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A Charlie Brown Christmas & Fantagraphics' New Charlie Brown's Christmas Stocking are Peanuts Christmas Classics

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It's easy to get bummed out by Christmas -- especially when the "holiday season," with all the crass consumerism, bad music, and awkward family gatherings -- seems to kick off earlier and earlier each year.

But only the "grinchiest" can resist the charms of A Charlie Brown Christmas. Originally aired by CBS in 1965 (ABC now airs the special), the film established Charles M. Schulz's "Peanuts" characters as synonymous with Christmas, capturing all the joy and lowdown of the holiday with its crude animation, mellow jazz soundtrack (courtesy of Vince Guaraldi), and decidedly traditional message.

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"It's sincere," explains Peanuts historian Nat Gertler. "It's not the most beautiful, 'let's polish off every little thing' production, but it goes there; it does what it's trying to do."

Gertler manages the Peanuts news site AAUGH Blog, publishes comics (including non-Peanuts work from Schulz) through his imprint About Comics, and is responsible for Fantagraphics Books' new Peanuts Christmas collection, Charlie Brown's Christmas Stocking.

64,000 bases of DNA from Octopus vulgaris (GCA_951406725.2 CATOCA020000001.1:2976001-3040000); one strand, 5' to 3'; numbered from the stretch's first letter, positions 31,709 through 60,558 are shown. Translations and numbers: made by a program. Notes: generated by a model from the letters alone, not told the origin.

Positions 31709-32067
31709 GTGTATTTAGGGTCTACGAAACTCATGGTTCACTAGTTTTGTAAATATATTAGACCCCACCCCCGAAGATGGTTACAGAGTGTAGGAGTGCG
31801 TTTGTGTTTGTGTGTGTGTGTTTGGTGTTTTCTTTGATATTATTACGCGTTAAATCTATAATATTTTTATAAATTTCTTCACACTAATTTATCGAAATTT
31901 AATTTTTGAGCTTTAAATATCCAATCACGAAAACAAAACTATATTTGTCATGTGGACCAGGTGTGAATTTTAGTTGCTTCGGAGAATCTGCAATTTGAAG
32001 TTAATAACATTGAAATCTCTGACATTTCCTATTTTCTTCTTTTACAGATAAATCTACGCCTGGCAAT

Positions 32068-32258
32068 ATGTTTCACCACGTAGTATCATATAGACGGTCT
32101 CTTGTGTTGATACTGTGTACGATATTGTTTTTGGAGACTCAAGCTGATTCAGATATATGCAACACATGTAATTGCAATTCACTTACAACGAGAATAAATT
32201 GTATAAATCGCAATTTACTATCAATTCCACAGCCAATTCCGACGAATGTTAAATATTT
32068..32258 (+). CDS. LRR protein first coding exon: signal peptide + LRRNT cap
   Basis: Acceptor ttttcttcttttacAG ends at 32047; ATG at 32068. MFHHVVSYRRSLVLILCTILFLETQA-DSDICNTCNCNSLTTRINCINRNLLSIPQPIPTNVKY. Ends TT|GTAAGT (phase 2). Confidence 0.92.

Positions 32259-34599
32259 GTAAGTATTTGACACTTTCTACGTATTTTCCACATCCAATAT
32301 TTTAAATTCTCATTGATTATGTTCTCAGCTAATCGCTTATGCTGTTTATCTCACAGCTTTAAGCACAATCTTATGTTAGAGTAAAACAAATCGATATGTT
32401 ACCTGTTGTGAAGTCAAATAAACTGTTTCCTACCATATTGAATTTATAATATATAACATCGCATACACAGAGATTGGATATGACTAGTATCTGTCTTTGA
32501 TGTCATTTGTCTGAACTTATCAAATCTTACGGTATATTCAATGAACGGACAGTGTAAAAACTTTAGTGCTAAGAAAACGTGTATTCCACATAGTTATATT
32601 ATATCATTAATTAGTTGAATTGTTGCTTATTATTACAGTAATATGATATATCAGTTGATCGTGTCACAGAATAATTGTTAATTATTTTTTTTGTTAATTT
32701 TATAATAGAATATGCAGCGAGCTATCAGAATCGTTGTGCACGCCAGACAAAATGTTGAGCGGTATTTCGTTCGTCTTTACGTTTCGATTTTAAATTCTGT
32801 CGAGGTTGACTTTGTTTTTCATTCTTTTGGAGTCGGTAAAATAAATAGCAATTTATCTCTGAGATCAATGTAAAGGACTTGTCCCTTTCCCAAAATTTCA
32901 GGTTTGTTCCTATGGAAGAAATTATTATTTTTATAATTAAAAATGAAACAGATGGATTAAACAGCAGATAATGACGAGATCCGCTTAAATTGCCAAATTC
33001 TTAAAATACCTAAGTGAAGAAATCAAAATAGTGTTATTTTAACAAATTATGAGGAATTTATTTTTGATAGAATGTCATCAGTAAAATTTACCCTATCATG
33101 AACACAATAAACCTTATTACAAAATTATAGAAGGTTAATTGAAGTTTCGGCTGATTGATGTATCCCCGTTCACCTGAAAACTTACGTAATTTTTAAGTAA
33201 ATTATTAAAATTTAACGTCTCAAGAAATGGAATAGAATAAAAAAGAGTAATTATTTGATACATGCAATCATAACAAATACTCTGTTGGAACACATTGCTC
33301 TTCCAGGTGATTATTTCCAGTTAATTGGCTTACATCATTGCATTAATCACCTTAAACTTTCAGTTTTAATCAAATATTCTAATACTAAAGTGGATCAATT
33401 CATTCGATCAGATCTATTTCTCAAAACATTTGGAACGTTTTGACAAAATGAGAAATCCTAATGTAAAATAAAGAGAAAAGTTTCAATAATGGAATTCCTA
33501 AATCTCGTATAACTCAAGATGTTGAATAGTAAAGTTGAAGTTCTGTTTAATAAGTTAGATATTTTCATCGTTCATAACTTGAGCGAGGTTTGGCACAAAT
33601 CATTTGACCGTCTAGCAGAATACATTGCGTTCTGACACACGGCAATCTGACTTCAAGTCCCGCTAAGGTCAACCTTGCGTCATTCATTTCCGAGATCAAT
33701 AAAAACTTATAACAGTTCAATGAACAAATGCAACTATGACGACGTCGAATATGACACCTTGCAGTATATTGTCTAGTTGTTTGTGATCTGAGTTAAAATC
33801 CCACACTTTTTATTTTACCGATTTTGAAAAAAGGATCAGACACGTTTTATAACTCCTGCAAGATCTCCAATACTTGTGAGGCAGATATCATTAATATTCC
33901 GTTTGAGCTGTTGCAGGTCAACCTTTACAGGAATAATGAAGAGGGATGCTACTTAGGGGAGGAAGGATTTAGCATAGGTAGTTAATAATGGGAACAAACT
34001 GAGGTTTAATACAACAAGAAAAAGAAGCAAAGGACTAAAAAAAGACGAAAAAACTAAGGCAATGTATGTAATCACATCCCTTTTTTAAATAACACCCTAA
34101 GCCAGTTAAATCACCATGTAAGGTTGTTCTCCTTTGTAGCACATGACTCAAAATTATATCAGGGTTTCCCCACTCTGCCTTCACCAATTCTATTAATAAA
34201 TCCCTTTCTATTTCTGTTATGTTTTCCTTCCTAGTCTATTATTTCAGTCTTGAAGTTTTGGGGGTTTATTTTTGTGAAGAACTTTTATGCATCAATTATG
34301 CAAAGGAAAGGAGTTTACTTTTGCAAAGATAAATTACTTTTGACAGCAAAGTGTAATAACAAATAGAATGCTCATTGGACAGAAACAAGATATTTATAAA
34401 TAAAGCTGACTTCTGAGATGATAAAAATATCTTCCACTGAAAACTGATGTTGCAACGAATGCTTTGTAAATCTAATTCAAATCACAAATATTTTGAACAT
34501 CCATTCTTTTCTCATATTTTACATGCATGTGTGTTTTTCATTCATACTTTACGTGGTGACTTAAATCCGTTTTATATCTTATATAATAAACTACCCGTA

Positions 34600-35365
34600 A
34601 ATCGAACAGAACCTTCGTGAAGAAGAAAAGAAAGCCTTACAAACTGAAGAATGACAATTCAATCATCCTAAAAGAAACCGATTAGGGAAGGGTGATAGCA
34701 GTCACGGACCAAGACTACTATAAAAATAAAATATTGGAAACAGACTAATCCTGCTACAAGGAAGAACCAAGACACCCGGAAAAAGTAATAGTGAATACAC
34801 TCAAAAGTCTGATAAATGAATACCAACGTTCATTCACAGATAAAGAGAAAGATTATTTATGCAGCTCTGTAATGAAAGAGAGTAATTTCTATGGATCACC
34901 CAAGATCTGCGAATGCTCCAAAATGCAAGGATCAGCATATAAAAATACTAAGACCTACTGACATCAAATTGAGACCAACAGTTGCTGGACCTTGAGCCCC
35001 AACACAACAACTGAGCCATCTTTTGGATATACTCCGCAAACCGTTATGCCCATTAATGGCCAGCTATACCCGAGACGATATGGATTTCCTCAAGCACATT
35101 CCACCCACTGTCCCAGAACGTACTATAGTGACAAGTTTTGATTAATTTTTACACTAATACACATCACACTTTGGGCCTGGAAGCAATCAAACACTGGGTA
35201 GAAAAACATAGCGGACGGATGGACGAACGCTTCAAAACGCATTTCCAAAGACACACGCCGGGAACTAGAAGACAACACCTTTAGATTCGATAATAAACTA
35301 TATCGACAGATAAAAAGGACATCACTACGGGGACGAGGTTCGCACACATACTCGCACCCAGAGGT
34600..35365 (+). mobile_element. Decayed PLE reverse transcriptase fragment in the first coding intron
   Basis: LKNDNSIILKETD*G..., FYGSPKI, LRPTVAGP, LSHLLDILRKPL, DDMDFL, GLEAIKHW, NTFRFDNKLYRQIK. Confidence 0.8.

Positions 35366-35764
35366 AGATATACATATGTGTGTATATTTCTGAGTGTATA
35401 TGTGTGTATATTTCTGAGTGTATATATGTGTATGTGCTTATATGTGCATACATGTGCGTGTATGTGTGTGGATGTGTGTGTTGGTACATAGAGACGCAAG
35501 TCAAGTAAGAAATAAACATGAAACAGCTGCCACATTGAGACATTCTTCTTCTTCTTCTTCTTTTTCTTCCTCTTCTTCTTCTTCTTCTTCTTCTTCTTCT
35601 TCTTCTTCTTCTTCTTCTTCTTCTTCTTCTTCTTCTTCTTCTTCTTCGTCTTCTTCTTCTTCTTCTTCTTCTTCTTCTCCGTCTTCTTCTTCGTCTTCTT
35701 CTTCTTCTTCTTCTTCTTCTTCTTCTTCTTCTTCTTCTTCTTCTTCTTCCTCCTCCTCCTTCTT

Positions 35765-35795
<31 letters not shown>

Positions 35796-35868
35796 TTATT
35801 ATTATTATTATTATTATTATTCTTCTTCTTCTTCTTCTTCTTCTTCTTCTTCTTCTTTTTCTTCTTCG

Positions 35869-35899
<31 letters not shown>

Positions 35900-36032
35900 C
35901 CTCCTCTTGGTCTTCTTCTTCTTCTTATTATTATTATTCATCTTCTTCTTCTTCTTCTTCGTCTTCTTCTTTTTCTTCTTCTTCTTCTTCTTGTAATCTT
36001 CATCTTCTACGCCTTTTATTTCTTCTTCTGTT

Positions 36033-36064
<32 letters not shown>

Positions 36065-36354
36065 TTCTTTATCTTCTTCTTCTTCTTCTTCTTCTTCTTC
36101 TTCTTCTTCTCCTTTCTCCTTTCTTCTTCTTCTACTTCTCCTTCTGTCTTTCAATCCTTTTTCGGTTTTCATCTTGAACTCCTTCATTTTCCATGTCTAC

The book features two never-reprinted Peanuts stories, "Charlie Brown's Christmas Stocking" and "The Christmas Story," originally published in Good Housekeeping in 1963, and Women's Day in 1968, respectively. The compact book is a pleasure. And its simple green, red, and black color scheme and layout mimick Schulz's Happiness is a Warm Puppy books of the '60s.

"[Schulz] had done a Christmas book, Christmas is Together-Time, using red and green," Gertler says, explaining the minimal color palette. "We wanted to keep that simplicity and Christmas-sense in there."

There is no shortage of Christmas-related Peanuts material -- Gertler's AAUGH blog currently features an advent calendar highlighting the Top 25 Peanuts Christmas Books Which Aren't Adaptations of A Charlie Brown Christmas -- but the strips presented here are rare enough to warrant some special attention.